I was finishing a book signing after a school event, and this boy (he was about 14), and his best friend came up to me. I’ve found the kids who need to talk always wait until last, when everyone else has drifted off. This lad had so much sadness in his eyes – it was heartbreaking. He didn’t say much, so his mate spoke for him: he’d recently come out to his parents, and they weren’t being at all supportive. “Please, just tell him it won’t always be like this,” the friend implored me.
I was talking to one of the teachers about it afterwards. “They connect with you because you speak so much from your own experience,” she told me. “It’s so good for the kids who are struggling with their sexuality, school or just life to hear from someone who has been through it and managed to come out the other end, smiling.”
The ‘own voices’ argument can be a contentious issue in the writing community, with some authors resenting the notion that they shouldn’t write outside of their experience when it comes marginalised characters. It’s a complex and nuanced debate, but for me, this isn’t an argument about quality as such – writers constantly put themselves into the lives of others, and have a range of techniques at their disposal to achieve that. Rather, this is about visibility.
When LGBTQ+ kids see LGBTQ+ authors telling LGBTQ+ stories, it’s a particularly powerful thing. These are people who are just like them telling stories from their direct experience – authentic, real, first-hand. It’s important for these teens to know their lives and their stories are valued and valid – and that they should be proud of them.
If you’ve been bullied, if your parents aren’t supportive, if you’ve repeatedly been told that who you are is bad or disgusting, then feeling valued and proud become really important things. And when gay kids can so often be given the impression they’ll always be unhappy, they also need to see people who are just like them succeeding, leading, and living fulfilling lives. Engendering pride and positivity is surely one of the most important arguments for supporting own voices books.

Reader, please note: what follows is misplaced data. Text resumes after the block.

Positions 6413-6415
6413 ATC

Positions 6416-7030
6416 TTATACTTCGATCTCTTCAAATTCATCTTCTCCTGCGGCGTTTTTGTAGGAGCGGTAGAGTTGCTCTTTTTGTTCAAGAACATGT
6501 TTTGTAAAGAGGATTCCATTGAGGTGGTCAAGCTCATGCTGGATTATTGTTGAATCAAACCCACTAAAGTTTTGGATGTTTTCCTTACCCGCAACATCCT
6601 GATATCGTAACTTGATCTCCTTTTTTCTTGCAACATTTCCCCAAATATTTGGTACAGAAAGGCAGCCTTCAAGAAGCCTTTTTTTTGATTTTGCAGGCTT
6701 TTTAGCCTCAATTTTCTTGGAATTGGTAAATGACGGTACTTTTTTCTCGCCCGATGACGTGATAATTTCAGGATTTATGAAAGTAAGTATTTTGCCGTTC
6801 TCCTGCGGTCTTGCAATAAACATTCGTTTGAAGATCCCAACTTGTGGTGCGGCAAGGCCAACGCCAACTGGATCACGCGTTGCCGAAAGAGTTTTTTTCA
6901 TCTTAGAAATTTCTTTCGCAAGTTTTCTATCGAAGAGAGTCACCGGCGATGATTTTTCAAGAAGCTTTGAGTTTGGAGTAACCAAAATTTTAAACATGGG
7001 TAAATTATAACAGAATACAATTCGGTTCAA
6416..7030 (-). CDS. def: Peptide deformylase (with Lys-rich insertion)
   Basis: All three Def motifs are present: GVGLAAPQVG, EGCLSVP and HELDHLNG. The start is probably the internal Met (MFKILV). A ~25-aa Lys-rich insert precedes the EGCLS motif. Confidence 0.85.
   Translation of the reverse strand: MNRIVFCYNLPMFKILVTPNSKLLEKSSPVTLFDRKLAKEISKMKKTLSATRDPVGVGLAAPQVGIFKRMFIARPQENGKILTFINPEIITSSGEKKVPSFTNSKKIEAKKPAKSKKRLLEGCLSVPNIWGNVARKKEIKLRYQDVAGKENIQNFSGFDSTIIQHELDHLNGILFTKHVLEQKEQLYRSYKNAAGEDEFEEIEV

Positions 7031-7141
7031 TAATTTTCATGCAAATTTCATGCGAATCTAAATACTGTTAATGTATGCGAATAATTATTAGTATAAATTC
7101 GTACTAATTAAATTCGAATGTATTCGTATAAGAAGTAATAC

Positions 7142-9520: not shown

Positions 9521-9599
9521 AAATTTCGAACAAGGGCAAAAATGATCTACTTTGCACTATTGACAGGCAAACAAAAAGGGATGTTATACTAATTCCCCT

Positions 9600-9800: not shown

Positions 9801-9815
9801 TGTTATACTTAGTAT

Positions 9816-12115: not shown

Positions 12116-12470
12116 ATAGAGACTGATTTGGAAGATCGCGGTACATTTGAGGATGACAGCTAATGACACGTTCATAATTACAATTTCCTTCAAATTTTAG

Meanwhile, at an industry level, publishing needs diversity. Rich, varied experiences make good books, but for all the work many publishers are doing to try and increase LGBTQ+ representation amongst authors, they need the raw material to work with in the first place. For years, queer authors were turned away, told that gay stories didn’t sell. You cannot ignore the effect of what turning a group of people away time and time again does. Eventually, those people stop coming. We need the next generation of LGBTQ+ authors to see that their stories are important, and that they’re wanted – but at the grassroots, they need to see people like them actually doing it.
If you’re looking to support and inspire your own LGBTQ+ students with own voices authors and books, Stripes is publishing a whole anthology of LGBTQ+ YA next year, all by own voices authors and illustrators. The anthology itself (#ProudBook on Twitter), would be a great addition to any school library, but will also lead the way to some of the authors out there with work that might really help LGBTQ+ students in the ways I’ve described.
Gay teens deserve (and need) their heroes too. An own voices book can be the difference between a very well-meaning, ‘I sympathise’ and the genuine connection of a shared experience, that says, “I get it, I’ve been there, you’re not alone.” And for the kids that feel they are, that can mean the world.
About the author
Simon James Green is the author of YA novels Noah Can’t Even and Noah Could Never, published by Scholastic, and out now. (simonjamesgreen.com @simonjamesgreen)